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Waltz Dance

Waltz dance, a German dance form. In the 16th and 17th centuries Austrian and Bavarian peasant dances, this popular fast-moving circular dance was known as the ‘weiler’. The seeds of waltz are also found in the German folk dance ‘Lendler’.

Waltz Dance

History of the Waltz dance

It gained social prestige when people from the upper classes were also attracted to this dance form. This type of dance, performed by men and women holding each other in arms, was initially considered to be Uttan, but after the French Revolution, all European art fields came under the influence of Swachhdatanism and this dance form brought about a Swachhdanist revolution in the western dance field.

After Germany and France, vaults spread to England. Mozart (1756-91) composed vaults for the Viennese duet. Marius Petipa, a 19th-century French waltz dancer (1819-1910), became very popular as a choreographer of Waltz music.


Petipa’s choreography is famous for The Sleeping Beauty, The Swan Lake, Raymonda, The Vaults of the Flowers, etc. There are two types of ballroom dance performed in large public gatherings. The rhythm of this circular dance is in 3/4 time, in Viennese waltzes the male and female couples circle rapidly in one direction, while in Boston waltzes, the male and female couples move in multiple directions in a pattern of circles in a slow rhythm.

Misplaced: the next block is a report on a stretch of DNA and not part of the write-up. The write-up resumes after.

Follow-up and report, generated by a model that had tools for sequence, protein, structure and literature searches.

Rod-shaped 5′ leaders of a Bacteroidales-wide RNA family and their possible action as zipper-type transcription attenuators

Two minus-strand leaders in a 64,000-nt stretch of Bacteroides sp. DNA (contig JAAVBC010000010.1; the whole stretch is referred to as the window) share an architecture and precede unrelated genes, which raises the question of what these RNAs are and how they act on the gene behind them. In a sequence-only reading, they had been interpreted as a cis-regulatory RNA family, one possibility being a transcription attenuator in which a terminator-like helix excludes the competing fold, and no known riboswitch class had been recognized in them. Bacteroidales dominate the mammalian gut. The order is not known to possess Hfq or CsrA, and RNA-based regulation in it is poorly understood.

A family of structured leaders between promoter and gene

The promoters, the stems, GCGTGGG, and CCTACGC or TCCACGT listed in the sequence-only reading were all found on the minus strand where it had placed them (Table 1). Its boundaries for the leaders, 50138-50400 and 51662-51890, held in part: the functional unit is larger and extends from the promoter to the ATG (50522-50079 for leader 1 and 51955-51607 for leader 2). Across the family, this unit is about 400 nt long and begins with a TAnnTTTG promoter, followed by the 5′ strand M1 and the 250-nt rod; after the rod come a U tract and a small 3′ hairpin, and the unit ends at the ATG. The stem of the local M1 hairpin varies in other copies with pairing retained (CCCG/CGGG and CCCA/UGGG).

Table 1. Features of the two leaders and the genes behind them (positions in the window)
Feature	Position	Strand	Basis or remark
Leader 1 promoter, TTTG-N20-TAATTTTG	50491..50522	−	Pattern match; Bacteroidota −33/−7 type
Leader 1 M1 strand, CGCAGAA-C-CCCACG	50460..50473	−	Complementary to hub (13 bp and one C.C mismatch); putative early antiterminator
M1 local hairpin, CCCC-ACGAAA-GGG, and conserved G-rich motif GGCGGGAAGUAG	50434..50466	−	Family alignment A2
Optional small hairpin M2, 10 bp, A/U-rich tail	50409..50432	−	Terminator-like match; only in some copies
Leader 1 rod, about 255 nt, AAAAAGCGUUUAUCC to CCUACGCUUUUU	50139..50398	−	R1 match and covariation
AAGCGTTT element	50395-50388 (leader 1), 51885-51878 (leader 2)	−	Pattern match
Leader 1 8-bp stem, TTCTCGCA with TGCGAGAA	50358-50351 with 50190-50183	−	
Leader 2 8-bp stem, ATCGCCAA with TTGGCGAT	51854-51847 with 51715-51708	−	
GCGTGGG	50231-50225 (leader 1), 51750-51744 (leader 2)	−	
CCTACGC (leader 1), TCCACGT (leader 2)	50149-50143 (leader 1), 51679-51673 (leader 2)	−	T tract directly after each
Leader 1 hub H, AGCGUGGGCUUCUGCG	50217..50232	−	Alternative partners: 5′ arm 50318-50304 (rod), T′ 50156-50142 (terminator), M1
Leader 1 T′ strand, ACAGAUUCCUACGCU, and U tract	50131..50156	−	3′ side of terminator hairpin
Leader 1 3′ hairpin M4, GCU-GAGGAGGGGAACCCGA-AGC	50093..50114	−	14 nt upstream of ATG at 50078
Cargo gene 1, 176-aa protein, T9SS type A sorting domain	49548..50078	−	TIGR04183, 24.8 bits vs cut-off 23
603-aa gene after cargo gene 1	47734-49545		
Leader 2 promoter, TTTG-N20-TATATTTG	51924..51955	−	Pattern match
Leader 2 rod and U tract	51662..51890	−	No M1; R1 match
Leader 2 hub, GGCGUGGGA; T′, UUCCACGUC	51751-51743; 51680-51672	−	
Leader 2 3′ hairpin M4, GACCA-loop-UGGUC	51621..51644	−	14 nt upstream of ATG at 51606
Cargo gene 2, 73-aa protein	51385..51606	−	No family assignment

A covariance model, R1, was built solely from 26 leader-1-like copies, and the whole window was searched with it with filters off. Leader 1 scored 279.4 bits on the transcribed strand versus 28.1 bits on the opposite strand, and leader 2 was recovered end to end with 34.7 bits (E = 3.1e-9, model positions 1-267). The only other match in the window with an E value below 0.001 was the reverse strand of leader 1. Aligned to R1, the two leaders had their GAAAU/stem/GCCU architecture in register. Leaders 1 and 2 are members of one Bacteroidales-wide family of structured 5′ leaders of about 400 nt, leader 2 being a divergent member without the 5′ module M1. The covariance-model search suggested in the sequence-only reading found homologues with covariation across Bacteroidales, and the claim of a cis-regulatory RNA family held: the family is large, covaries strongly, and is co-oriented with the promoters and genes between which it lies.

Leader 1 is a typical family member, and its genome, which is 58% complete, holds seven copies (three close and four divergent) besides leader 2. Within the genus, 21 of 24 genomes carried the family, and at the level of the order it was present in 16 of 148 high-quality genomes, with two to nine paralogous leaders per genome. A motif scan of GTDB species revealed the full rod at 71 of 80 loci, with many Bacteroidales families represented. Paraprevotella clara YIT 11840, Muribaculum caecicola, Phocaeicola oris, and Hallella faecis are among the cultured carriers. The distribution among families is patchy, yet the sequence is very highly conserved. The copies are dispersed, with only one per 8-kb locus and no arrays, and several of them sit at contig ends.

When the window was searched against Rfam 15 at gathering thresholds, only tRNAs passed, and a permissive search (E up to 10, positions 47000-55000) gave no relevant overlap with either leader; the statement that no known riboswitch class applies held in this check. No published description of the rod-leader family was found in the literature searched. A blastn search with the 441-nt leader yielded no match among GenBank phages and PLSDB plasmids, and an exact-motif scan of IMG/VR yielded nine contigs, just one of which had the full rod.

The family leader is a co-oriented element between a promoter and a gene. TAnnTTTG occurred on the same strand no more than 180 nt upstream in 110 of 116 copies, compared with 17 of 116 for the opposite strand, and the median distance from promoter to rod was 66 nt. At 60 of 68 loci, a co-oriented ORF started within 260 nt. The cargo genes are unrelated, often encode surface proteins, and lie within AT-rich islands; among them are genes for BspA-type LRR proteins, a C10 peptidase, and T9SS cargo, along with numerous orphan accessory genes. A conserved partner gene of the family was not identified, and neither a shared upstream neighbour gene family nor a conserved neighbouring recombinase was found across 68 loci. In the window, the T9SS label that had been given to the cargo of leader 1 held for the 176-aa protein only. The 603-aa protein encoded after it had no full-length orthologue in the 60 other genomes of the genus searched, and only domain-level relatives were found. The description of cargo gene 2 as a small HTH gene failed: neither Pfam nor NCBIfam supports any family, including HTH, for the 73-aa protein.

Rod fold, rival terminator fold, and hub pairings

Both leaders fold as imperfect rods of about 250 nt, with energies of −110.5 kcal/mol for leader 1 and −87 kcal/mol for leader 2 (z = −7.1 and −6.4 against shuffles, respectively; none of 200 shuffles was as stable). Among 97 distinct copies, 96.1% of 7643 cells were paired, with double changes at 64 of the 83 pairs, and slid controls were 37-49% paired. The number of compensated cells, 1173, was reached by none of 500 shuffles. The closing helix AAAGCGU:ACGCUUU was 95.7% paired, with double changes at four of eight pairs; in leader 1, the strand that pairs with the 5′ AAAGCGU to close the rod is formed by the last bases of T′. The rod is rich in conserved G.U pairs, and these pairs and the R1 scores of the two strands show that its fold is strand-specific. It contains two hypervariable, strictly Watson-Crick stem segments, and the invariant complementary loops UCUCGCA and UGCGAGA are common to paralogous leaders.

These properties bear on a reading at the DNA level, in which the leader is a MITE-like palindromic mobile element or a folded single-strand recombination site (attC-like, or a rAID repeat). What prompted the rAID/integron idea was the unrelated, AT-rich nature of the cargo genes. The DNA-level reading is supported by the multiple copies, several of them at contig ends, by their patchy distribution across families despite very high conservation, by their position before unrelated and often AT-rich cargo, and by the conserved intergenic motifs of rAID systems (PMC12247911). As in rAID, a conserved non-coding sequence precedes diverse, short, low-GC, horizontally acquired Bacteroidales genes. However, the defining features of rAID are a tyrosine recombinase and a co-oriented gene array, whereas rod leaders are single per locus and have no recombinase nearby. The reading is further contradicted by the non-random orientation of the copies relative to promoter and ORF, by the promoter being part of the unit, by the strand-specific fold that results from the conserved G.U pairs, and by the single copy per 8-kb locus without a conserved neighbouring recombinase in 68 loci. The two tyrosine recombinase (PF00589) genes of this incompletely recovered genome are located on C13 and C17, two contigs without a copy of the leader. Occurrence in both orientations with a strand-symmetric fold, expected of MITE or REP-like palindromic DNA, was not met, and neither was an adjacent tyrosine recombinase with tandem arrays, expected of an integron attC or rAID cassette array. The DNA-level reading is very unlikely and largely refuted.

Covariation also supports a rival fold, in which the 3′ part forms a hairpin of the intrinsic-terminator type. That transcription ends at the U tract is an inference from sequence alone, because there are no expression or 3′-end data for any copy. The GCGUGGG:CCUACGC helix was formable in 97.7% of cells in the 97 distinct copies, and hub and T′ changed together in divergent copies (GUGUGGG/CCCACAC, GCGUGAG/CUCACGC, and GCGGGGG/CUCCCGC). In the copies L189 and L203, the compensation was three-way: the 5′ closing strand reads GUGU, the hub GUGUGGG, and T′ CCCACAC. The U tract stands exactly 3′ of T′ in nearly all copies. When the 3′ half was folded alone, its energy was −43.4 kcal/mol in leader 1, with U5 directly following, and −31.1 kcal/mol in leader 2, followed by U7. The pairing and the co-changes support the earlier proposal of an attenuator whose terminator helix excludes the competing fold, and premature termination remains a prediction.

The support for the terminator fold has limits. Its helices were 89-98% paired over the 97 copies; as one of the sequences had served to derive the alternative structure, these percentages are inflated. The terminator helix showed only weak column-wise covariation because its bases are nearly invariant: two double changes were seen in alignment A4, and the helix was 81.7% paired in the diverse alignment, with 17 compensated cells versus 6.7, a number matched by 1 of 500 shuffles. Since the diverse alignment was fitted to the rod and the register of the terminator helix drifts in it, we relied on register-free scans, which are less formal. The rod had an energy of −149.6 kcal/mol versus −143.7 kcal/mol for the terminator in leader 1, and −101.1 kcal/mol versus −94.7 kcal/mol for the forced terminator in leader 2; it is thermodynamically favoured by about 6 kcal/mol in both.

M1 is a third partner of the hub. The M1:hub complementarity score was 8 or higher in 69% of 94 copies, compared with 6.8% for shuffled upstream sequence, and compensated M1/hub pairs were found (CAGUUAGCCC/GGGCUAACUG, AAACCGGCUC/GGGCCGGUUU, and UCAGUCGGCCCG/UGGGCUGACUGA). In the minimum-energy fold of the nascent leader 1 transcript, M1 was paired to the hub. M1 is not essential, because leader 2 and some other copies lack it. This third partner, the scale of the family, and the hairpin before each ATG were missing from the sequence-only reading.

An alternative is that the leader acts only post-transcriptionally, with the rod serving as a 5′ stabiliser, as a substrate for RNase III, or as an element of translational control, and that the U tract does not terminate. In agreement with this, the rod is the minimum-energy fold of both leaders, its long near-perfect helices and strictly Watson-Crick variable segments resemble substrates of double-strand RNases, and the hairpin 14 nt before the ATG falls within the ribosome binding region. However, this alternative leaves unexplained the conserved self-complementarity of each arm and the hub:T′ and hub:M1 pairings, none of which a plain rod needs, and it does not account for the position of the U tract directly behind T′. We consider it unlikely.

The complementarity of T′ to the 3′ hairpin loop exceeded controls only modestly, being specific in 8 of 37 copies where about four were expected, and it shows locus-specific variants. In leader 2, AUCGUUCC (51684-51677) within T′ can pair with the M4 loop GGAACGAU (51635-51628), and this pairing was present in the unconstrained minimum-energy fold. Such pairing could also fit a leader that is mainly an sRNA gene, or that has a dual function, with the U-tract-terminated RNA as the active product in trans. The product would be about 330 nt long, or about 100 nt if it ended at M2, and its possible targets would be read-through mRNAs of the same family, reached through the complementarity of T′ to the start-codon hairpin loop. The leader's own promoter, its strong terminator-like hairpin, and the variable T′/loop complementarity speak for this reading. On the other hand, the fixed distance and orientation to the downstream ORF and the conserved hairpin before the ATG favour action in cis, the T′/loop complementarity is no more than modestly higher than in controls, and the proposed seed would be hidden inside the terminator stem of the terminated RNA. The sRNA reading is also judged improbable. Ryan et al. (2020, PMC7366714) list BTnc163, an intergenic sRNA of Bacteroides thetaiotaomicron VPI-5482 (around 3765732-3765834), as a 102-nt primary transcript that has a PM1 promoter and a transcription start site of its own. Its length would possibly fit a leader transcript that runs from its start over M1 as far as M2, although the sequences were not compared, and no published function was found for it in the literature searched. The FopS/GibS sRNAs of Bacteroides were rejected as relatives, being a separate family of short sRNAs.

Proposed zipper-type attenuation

Although Waltz’s popularity began to wane with the introduction of the Polk dance form in the 1840’s, it is still popular in Western societies. Waltz has also been incorporated into Western music and has been popularized through its dialogues.

Like Mozart, Frederick Sharp, Maurice Ravell are famous for their compositions by the composers Vault, Johann Strauss (Jr.), Eduard Strauss, Franz Lehr, and Oscar Strauss are also famous for the compositions of the Viennese vaults.

Waltz music was consistently used in Indian film music from 1950-55. As the ‘First Lady’ of the Viennese Vaults, Carmen Miranda, a dramatic young woman, had the honor of inaugurating a major ceremony with dance in 1975.

Gomantika musicians, who grew up in Portuguese culture, have been very successful in giving an oriental twist to this art form that once revitalized western dance. Even today, in Maharashtra, India, Parsis have a tradition of dancing vaults at weddings and other festivities.

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